The prosecution must prove, and connect to the convicted offense, the additional quantities by a preponderance of the evidence. United States v. Boyd, 901 F.2d at 845; United States v. Kirk, 894 F.2d 1162, 1164 (10th Cir.1990). We review the district court's factual findings under the clearly erroneous standard. United States v. Harris, 903 F.2d at 778.


Testimony at trial indicated that when Ross was arrested, agents found, among other things, two notebooks in the brown paper sack Ross was carrying. At trial, and again at the sentencing hearing, Detective Benton testified concerning the contents of the notebooks. The notebooks had entries in a ledger format; each entry began with a name, followed by dates and two sets of successive numbers. The first was a series of fractions such as "one-eighth, one-eighth, one-sixteenth," R.Vol. III at 95, and the second set was a running total such as "minus 150, minus 40, minus 100." Id. at 94. Occasionally there was an additional entry such as the word "paid," id. at 97, or the amount "$2,705." Id. at 95. At the sentencing hearing, Benton testified he was convinced that the entries recorded cocaine sales; the fractions represented portions of grams of cocaine sold to the listed person on the listed date.


Ross points out that the notebooks never indicate that the listed fractions represent grams, let alone grams of cocaine. Ross charges that Benton's interpretation of the entries is too "speculative and conjectural" to meet the prosecution's burden of proof.


We disagree. Benton also testified at the sentencing hearing that, with the assistance of an address book found in Ross's car, Benton had contacted over a dozen of the entries in the notebook and corroborated his theory about the entries. According to Benton, nearly a dozen people had admitted that they had purchased from Ross the listed amount of cocaine on approximately the listed date.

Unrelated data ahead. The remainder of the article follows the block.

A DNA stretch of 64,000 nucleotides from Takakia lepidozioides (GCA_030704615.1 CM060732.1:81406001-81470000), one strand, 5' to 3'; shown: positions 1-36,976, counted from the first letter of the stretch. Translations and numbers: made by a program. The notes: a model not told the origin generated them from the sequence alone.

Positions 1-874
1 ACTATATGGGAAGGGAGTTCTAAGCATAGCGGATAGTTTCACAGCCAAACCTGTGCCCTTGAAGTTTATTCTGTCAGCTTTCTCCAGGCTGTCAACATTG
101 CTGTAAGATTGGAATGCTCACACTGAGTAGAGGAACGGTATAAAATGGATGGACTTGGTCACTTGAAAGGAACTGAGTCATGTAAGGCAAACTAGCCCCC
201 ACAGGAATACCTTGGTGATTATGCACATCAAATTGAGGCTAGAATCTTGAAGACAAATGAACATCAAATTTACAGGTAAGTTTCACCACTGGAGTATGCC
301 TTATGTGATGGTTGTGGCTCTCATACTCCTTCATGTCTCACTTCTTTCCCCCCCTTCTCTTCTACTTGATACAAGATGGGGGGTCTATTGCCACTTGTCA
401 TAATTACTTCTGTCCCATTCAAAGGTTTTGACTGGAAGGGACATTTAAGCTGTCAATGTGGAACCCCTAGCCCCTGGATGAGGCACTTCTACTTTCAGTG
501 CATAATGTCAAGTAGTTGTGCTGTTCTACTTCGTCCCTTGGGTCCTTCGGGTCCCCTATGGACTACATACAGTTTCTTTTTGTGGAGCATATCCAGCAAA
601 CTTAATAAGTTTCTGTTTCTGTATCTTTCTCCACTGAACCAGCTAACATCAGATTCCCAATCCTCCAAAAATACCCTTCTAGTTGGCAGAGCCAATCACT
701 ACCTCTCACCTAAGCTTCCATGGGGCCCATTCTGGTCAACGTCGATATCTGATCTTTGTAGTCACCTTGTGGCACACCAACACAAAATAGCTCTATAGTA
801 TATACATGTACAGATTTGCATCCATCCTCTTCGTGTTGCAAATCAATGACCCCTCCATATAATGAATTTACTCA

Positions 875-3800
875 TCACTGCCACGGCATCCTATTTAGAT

Ross rejoins that, according to Benton's testimony, several people in the notebook denied having purchased cocaine, and that the entries that cannot be proved should not be included in the 2,160 grams total.11 But Benton's testimony serves as corroboration not conclusive proof.12 The government need only show, by a preponderance of the evidence, that Ross's notebooks are records of his cocaine sales. Given the extensive corroborative evidence that they are, we cannot say the district court's finding was clearly erroneous.



In its brief, the government directs our attention to our recent decision in United States v. Henning, 906 F.2d 1392 (10th Cir.1990). We stated in Henning that "where a defendant has been convicted of a single drug trafficking offense and more than one firearm was involved, a single violation of Sec. 924(c)(1) occurs...." 906 F.2d at 1399 (emphasis added); see also United States v. Chalan, 812 F.2d 1302, 1317 (10th Cir.1987), cert. denied, 488 U.S. 983, 109 S.Ct. 534, 102 L.Ed.2d 565 (1988); United States v. Henry, 878 F.2d 937, 943 (6th Cir.1989). Ross was convicted of a single underlying drug offense, and two separate violations of Sec. 924(c)(1). As both parties agree, this is improper.


We accordingly VACATE the conviction and sentence on count III, and REMAND for resentencing. For the reasons stated above, we AFFIRM all other aspects of Ross's convictions and sentence.


Benton believed that Jon also supplied Belew because the cocaine she sold him was similar to Pierce's in its packaging, quality, and texture


The parties submit arguments regarding Ross's standing to assert Fourth Amendment rights. However, the trial court considered Ross's claim on the merits, see R.Vol. III at 25, and so do we